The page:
In February, America Ferrera announced that she was leaving Superstore after being on the show for five seasons. Then the pandemic happened and her originally scheduled goodbye episode (a two-parter season finale that only aired the one part back in May) got delayed to Season 6, with Ferrera agreeing to extend her appearance on the show through its milestone 100th episode. I was worried that Superstore would break-up Amy and Jonah (I was right and I hate it), but it ultimately had very little lead-up and gave them a very underwhelming, jarring, and tragic end.
Many of you have already mentioned that Amy and Jonah’s relationship is not what keeps you watching Superstore (it’s not the sole reason I watch, either), but we can’t ignore how well the sitcom handled their romance over the first four seasons. There was sexual tension, there was a lot of buildup, intense chemistry, and they’ve had some of the biggest and most memorable moments on the show. Hell, the entire Cloud 9 staff was also deeply invested in their relationship and had been since day one.
And then the 100th episode happened. Called “California, Part 2,” Amy freaked out when she thought Jonah would propose to her now that they were starting a new life together on the west coast. Amy, out of nowhere, felt that she wasn’t ready for marriage despite the fact that she and Jonah had been together for some years now and, as he put it, were “living together and raising Parker together,” too.
So, what’s the problem, right? Amy explains that she was scared the move to California was accelerating their relationship to the point of discomfort — she didn’t want to make the same mistake marrying Jonah for the wrong reasons the way she did when she married Adam. (For the record, her and Jonah’s relationship is NOTHING like her and Adam’s, but I digress.)
If the groundwork for their break-up had been laid out throughout the back half of Season 5, I could’ve understood where Amy was coming from. However, leaving the big blow-up until Ferrera’s final episode felt disingenuous to the Amy/Jonah relationship and kind of soured the whole thing for me. They did her and this beautiful fictitious couple so, SO dirty.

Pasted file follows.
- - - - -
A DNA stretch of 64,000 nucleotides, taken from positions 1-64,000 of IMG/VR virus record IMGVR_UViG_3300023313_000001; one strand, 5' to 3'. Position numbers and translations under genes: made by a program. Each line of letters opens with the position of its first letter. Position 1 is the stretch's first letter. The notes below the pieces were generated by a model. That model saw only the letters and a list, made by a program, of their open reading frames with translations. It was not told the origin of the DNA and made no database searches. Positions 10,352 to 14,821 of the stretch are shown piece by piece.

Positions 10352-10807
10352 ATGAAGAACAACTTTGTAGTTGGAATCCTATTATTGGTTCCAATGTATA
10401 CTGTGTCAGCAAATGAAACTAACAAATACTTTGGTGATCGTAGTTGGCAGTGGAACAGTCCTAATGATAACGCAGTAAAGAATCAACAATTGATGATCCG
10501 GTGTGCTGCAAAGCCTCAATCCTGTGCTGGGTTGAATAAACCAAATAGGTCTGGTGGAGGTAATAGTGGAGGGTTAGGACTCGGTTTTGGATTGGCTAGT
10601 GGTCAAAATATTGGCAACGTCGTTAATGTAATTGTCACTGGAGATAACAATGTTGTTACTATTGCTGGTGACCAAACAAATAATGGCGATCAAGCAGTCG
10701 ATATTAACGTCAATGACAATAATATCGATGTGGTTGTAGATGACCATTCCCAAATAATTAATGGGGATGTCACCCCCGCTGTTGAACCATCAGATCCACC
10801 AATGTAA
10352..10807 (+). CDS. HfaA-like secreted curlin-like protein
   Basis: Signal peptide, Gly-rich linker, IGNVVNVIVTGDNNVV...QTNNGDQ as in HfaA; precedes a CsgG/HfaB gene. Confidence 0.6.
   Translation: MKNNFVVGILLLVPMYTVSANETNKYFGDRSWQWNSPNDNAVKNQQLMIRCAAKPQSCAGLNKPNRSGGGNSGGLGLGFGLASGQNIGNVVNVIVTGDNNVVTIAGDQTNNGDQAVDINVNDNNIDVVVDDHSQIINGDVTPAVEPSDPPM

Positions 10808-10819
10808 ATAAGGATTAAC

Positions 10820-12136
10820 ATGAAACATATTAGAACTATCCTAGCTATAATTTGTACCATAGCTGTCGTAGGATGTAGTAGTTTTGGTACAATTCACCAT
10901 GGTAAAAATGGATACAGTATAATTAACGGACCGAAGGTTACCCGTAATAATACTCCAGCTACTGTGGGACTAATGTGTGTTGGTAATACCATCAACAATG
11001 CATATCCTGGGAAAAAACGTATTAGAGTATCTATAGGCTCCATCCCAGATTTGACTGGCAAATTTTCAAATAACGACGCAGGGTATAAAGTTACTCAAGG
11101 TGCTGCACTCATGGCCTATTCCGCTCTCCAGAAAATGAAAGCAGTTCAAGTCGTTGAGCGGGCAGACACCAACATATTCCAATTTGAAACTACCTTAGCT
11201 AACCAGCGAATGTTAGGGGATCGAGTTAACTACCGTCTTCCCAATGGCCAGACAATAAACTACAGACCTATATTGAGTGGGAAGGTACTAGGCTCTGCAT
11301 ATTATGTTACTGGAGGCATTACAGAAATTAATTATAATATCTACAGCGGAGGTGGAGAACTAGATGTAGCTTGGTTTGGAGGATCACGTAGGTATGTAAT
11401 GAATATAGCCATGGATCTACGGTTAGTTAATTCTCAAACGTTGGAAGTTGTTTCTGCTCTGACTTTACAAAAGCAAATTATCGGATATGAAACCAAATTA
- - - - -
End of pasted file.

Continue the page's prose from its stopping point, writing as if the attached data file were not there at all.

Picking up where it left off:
After Jonah walked away from Amy, angry that she wanted him to come to California and “see where it goes,” the pair didn’t speak to each other for the rest of the damn episode. That’s it, game over, they’re done. It was so pretty horrible. A nod to each other in the episode’s final scene was, what, supposed to make me feel better about the whole thing? Absolutely not. They could have at least had a proper goodbye scene that was sweet, thoughtful, and more indicative of the love they had for each other. But it seems the writers forgot all that.
Instead, their final words were exchanged in a heated and contrived argument because the writers didn’t know what to do now that they had to write off one-half of a genuinely healthy relationship. So they threw it under the bus instead of building up to it in a more authentic manner. In an interview with the LA Times, co-showrunner Gabe Miller said that it felt like the best way to go without going the long-distance relationship route.
“This was the best solution that we all came up with together, the thing that felt most real. We definitely discussed other options, and even entertained the idea of them dating long-distance. But when we thought about how that would actually play out on the show, it seemed like it might be actually more frustrating for viewers to think that Amy is just on the other side of Jonah’s phone calls. And eventually that would peter out and we’d end up having to do an off-camera breakup, which really wouldn’t feel right.”
I wouldn’t have liked an off-camera break-up either, Gabe, but my issue is in the WAY that it was handled, not in the actual break-up itself (we all knew that was coming the moment Ferrera said she was leaving). In any case, Superstore lost some of its shine when Justin Spitzer left after Season 4 and I can’t help but wonder how he would have tackled the Amy/Jonah break-up had he stuck around. Between the writing, Ferrara’s departure, and the trajectory of the show in general (yes, including the sad state of Amy and Jonah’s now-ruined relationship), I don’t know that I’ll stick around much longer either.
Header Image Source: NBC